Let me just show you what I think he means when he says serve. This is out of 1 Peter 4:10, “As each has received a gift use it to serve one another as good stewards of God’s very Grace.” Now here’s the interesting part for me, He just said, “be good stewards of God’s gifts that he’s given you,” but look at what he says next, “Whoever speaks, speak as one as an oracle of God. And whoever serves as one who serves with the strength that God supplied” (verse 11).
He sets up two archetypes, He says whatever gift you have use it to serve one another or be a steward of the Grace. And here’s the grace that God gives: Speak. Serve. These are the two kinds of things you can do: use the voice of God, that’s speaking, (It says literally speak as the oracle of God, as the voice of God.) and serve by the power of God. Whether that power is manifested in supernatural ways or natural ways, we are called to serve.
Matthew 25 shows us natural ways; comforting those that mourn or delivering people from a Spirit of mourning. Either one of those is service. One is the voice of God. The other is the strength of God. Everything we do as service to one another is by the gifts that God has given us. Those gifts are both super and natural. Super in the sense of the voice of God Natural in the sense of Him strengthening us to do what we need to do. Whatever those gifts are, according to Peter, your ultimate act of service is to use the gifts God’s given you to help others.
I always struggle a little bit with this, how I can serve people. I can’t really go wash people’s feet, that’s not going to work. Should I wash their cars? What constitutes acts of service? The story of Peter helped me understand that Acts of service are constituted by me using the gifts God has given me through the power of His voice. Through His strength in me, I am equipped to serve others through whatever gifts He’s given me. In that sense, every act of service is going to be unique because it depends on my gifts.
How does this affect us? I believe Jesus wants us to expand our sphere of influence. How are we going to expand our sphere of influence? The most obvious answer, which is also noted in Scripture, is to take our gifts and serve people. When we take our gifts and serve people, we gain a platform from which we can speak into their life. That platform is influence. When we serve our community, in what sometimes may appear as mundane, every day ways, needs are met. Pretty soon we are recognized as one who serves and that opens the door for more. They might ask, “Can you help us in this area” or “We like that you serve, by the way, we’re struggling in this area. Do you have any thoughts on the matter?” And then you influence.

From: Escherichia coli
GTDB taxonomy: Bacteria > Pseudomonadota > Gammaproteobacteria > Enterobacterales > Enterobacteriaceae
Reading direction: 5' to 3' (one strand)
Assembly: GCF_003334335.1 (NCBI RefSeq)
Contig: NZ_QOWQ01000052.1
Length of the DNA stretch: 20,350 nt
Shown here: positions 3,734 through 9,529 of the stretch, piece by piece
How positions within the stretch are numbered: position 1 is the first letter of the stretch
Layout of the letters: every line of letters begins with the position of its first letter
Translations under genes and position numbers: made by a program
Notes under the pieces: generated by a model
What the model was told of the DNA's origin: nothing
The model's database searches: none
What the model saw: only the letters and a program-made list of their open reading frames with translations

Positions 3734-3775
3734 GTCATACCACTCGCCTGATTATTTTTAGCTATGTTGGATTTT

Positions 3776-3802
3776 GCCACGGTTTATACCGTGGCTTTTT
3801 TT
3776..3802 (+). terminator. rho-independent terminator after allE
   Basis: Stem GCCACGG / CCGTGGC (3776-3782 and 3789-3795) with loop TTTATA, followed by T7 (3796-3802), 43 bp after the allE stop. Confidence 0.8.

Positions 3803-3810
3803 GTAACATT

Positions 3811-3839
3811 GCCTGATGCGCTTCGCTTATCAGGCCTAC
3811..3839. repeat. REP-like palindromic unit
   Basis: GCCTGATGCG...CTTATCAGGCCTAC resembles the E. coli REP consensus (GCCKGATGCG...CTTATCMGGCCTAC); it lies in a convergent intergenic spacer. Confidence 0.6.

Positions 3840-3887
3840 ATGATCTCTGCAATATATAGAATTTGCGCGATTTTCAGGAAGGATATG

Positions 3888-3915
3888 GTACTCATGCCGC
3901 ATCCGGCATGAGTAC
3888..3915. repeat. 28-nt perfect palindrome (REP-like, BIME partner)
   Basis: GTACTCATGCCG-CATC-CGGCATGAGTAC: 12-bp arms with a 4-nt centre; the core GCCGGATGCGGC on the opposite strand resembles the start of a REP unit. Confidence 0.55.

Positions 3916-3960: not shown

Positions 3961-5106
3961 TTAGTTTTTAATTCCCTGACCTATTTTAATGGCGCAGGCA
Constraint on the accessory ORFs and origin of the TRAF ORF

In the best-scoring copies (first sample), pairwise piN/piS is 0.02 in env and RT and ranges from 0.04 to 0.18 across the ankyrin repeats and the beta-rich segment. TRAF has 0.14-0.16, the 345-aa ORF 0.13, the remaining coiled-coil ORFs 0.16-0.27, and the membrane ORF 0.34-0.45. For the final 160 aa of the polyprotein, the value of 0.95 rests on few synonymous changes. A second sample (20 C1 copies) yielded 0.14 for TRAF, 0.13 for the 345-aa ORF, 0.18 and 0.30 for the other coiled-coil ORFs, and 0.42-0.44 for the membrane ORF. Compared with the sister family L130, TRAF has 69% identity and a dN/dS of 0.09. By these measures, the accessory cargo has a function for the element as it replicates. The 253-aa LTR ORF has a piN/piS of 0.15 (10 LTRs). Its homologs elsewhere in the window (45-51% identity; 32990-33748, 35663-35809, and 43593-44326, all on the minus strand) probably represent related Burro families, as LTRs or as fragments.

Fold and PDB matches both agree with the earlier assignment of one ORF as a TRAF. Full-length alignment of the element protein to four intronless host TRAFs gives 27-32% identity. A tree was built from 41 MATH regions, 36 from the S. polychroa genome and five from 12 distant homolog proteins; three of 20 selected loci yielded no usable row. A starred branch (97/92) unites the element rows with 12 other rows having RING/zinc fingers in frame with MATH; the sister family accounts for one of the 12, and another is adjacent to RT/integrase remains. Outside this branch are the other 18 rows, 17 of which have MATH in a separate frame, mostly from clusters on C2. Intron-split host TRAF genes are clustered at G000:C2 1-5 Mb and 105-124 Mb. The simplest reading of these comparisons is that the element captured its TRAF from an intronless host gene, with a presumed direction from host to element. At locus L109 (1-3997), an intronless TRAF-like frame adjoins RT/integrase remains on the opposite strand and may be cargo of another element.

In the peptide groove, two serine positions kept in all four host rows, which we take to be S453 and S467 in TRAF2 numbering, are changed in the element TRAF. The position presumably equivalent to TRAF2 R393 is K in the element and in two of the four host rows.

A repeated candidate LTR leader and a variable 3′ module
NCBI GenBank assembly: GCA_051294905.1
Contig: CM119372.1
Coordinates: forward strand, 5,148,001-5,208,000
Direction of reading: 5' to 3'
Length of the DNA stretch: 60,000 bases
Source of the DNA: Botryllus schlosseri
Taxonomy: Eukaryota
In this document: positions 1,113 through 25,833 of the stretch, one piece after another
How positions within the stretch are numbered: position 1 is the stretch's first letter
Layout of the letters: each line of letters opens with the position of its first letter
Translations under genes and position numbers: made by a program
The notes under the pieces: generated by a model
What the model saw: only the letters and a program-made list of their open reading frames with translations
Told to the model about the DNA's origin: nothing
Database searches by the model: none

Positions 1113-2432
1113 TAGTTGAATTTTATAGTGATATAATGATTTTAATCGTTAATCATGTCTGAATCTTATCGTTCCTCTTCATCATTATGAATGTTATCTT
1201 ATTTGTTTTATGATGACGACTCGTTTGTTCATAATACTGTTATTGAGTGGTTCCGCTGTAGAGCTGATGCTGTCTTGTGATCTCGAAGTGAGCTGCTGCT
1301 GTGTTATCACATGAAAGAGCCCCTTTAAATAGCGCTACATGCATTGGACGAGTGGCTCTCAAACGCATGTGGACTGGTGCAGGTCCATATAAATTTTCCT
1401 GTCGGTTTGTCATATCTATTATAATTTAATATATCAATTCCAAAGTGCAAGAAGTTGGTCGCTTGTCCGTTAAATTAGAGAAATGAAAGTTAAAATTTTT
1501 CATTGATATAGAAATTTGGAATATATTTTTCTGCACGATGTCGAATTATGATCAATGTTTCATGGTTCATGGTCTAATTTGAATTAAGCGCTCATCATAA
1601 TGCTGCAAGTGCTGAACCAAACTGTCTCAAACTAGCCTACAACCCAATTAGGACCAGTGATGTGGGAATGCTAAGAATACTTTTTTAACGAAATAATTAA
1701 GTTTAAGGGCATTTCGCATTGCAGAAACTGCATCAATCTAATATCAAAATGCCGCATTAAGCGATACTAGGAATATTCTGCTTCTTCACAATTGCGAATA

When we don’t get too spiritual and we just look at ways to serve, it is easy to use our gifts. Whether prophecy, preaching, visiting the sick, feeding the hungry, or simply taking someone to coffee and lending a listening ear, whatever gifts you have, God has equipped you with His strength and His voice to get the job done. If you steward that toward service, you will gain influence and your influence will grow.
This is leadership and leadership is influence. It’s not some crazy idea or position or paygrade, it’s about influencing. Influence comes from two things: Service and the Voice of God. Jeremiah was told “I’m going to give you influence over the whole kingdom, over nations and kingdoms.” How was Jeremiah going to influence them? Because God said, “I am going to put my words in your mouth.” That’s one form of influence. Jesus said if you really want to lead, then serve. That’s the other form of influence. That’s what Peters is telling us. These two elements are why we’re the army of the Lord and nobody influences people like the army.
Personally, I believe we need our own motto. The Army Rangers have “Rangers lead the way,” ours should be “Prophets lead the way.” If leadership is defined as influence, that means you’re influencing people to go in the way. People know this intuitively when you talk about the things like salvation and discipleship. This is our culture. Our sphere grows as we serve and as we speak. Be the voice of God and the strength of God, so that you transform lives and transform situations.